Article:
Read more at: Business news Wales
U.S. Government Should Reduce Impediments to Commercial Space Innovation
The U.S. government could bolster commercial space innovation by relaxing regulations and lowering some of the bureaucratic hurdles that discourage private firms from working with federal agencies, according to panelists at the 2017 GEOINT Symposium.
Remarkable things are happening in the commercial sector, including private investment in space industry startups, advances in imagery and new launch options. “It’s a dramatically changing time that requires help from a regulatory perspective,” said Steve Jacques, Jacques and Associates, a Washington consulting firm.
Without changes to the regulatory environment, some space industry startups eager to work with government customers are likely to give up.
Read more at: Space News
House Bill Seeks to Streamline Oversight of Commercial Space Activities
The House Science Committee is expected to approve a bill that seeks to improve regulation of commercial space activities, but not without criticism from some within the industry.
The American Space Commerce Free Enterprise Act, H.R. 2809, was formally introduced June 7 by Rep. Lamar Smith (R-Texas), chairman of the House Science Committee. The bill has eight other co-sponsors, including space subcommittee chairman Rep. Brian Babin (R-Texas) and Rep. Jim Bridenstine (R-Okla.), a member active on space issues who remains a leading candidate to be named NASA administrator. The bill has bipartisan support and is expected to clear the committee during a June 8 markup and go to the full House.
The bill seeks to streamline the process of licensing for commercial remote sensing satellites, currently handled by an office within the National Oceanic and Atmospheric Administration.
Is ‘Space Law’ the Next Big Practice Area?
The niche business of space law may be poised to take off, according to one veteran space attorney, Del Smith, of Reed Smith, who will make the opening remarks at the American Bar Association symposium on the state of space law in Washington, D.C on Thursday.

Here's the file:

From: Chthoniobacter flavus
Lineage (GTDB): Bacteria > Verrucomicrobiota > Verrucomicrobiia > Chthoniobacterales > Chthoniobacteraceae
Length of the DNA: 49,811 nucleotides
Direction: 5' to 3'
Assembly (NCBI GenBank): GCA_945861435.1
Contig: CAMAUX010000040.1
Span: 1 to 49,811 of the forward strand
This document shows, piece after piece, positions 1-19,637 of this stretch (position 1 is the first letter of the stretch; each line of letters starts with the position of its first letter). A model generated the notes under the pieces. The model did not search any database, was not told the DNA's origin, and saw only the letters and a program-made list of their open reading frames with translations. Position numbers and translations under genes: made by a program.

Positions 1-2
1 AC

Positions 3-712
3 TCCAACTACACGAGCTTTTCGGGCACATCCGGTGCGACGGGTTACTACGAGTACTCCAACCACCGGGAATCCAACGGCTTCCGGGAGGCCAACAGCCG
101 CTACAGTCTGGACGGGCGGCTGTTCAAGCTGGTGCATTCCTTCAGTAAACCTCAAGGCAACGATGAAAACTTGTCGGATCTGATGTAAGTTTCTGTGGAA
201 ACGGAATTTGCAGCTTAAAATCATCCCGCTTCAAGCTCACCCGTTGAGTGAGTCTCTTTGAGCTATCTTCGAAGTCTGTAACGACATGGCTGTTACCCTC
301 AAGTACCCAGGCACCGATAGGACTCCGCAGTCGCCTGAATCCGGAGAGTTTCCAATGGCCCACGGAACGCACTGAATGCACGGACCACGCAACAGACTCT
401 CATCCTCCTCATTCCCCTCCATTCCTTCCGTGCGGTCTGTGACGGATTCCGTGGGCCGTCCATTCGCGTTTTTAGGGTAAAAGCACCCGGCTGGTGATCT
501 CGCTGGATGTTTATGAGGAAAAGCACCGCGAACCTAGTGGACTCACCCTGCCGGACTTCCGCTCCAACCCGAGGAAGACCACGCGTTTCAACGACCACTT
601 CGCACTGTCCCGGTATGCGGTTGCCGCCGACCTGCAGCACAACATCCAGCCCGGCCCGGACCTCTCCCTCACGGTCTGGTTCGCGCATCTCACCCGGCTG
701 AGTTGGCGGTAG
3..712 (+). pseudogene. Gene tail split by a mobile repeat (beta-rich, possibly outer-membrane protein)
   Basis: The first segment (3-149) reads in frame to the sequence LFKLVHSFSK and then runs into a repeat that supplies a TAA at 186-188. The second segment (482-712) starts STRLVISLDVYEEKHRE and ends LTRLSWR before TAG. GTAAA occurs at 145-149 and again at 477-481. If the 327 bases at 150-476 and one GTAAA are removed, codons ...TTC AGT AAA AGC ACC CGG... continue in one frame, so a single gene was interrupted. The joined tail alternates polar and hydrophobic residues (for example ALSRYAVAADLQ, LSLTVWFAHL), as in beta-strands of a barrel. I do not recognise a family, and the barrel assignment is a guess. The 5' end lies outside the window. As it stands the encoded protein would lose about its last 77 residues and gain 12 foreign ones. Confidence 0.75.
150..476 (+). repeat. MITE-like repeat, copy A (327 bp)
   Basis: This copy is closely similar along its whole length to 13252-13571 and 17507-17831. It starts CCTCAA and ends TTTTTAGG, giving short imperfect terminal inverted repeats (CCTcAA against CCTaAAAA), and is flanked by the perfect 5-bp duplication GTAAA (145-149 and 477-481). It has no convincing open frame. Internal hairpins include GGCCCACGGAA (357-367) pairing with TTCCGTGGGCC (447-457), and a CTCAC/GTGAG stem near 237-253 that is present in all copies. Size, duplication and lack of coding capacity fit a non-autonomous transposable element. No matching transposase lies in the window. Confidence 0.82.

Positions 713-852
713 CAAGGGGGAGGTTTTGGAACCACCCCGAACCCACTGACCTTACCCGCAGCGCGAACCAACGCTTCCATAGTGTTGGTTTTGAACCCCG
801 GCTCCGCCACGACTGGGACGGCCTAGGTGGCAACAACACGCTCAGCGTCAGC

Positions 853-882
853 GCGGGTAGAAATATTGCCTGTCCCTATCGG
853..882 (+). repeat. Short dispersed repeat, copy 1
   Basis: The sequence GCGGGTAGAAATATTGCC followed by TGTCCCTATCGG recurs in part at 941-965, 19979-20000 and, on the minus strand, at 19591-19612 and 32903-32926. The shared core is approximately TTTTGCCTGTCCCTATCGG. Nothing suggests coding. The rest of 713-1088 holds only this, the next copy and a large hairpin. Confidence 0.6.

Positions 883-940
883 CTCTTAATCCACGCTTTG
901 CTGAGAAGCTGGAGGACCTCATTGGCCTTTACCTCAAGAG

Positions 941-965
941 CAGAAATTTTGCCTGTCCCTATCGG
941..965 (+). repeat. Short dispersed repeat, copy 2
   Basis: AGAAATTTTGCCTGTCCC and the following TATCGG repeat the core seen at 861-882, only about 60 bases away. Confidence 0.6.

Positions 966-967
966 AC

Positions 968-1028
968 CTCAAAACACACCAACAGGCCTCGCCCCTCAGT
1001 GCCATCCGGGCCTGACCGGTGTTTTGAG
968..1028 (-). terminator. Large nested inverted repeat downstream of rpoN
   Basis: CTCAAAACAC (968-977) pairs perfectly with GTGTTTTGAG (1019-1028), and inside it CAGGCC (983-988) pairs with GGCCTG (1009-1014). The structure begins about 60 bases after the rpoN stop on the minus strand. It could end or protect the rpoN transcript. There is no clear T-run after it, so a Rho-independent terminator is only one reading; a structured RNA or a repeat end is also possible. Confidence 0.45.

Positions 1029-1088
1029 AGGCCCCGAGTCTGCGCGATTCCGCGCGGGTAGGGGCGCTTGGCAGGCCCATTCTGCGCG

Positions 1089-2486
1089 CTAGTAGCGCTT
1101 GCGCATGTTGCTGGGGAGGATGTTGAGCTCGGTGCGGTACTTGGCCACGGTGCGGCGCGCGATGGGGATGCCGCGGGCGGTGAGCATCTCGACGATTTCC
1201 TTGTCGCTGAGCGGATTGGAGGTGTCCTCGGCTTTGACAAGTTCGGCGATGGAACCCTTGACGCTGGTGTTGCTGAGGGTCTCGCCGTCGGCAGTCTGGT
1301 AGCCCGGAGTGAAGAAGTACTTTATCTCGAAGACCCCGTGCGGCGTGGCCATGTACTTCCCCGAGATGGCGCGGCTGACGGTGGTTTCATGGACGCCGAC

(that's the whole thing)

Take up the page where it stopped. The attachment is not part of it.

Space law – a subspecialty of aviation law – blends traditional commercial legal skills with international relations and political savvy to broker projects as diverse as salvaging broken satellites and asteroid mining.
Smith, who has been in the Society of Satellite Professionals International Hall of Fame since 2007 and has written four books on space commercialization, said the number of lawyers getting into space is already on the rise. In the late 1990s, there were only about 10 lawyers working on space-related matters, he said. But by 2007, that total had grown to 25 or 30 space lawyers worldwide, which has since ballooned to currently “a couple hundred individuals with expertise in space law.”
Read more at: bol.bna
Is it Time to Update the Outer Space Treaty?
Some seem to think so. As the treaty marks its 50th anniversary this year (see “The Outer Space Treaty at 50”, The Space Review, January 23, 2017), a few in American industry and government think the accord, crafted at the height of the Cold War space race between the United States and the Soviet Union, needs to be updated in some way to reflect the current era of spaceflight, one where commercial entities are playing a much bigger role.
Leading the way has been Sen. Ted Cruz (R-TX), chairman of the space subcommittee of the Senate Commerce Committee. In an April hearing, he suggested it was time to examine if the treaty needed revisions. “It’s important that Congress evaluate how that treaty, enacted 50 years ago, will impact new and innovative activity within space,” he said in his opening remarks.
Read more at: Space Review
United States Revives Space-policy Council After 24-year Absence
The United States will revive the long-dormant National Space Council, a group meant to coordinate space policy among government agencies and departments. Vice-president Mike Pence, who will chair the council, announced its reinstatement on 7 June at NASA’s Johnson Space Center in Houston, Texas.
First constituted in 1958, the space council — or some iteration of it — has been active sporadically, most recently between 1989 and 1993. Since then, space policy has been mainly run out of the White House Office of Science and Technology Policy (OSTP) and NASA.
Re-starting the council will better coordinate the country’s space endeavours, Pence said. “President Trump recognizes America needs a coherent and cohesive approach,” he added. The council “will make sure America never again loses our lead in space exploration, innovation and technology”.
Read more at: Nature
U.S. Defense Department Summarizes China’s 2016 Space Program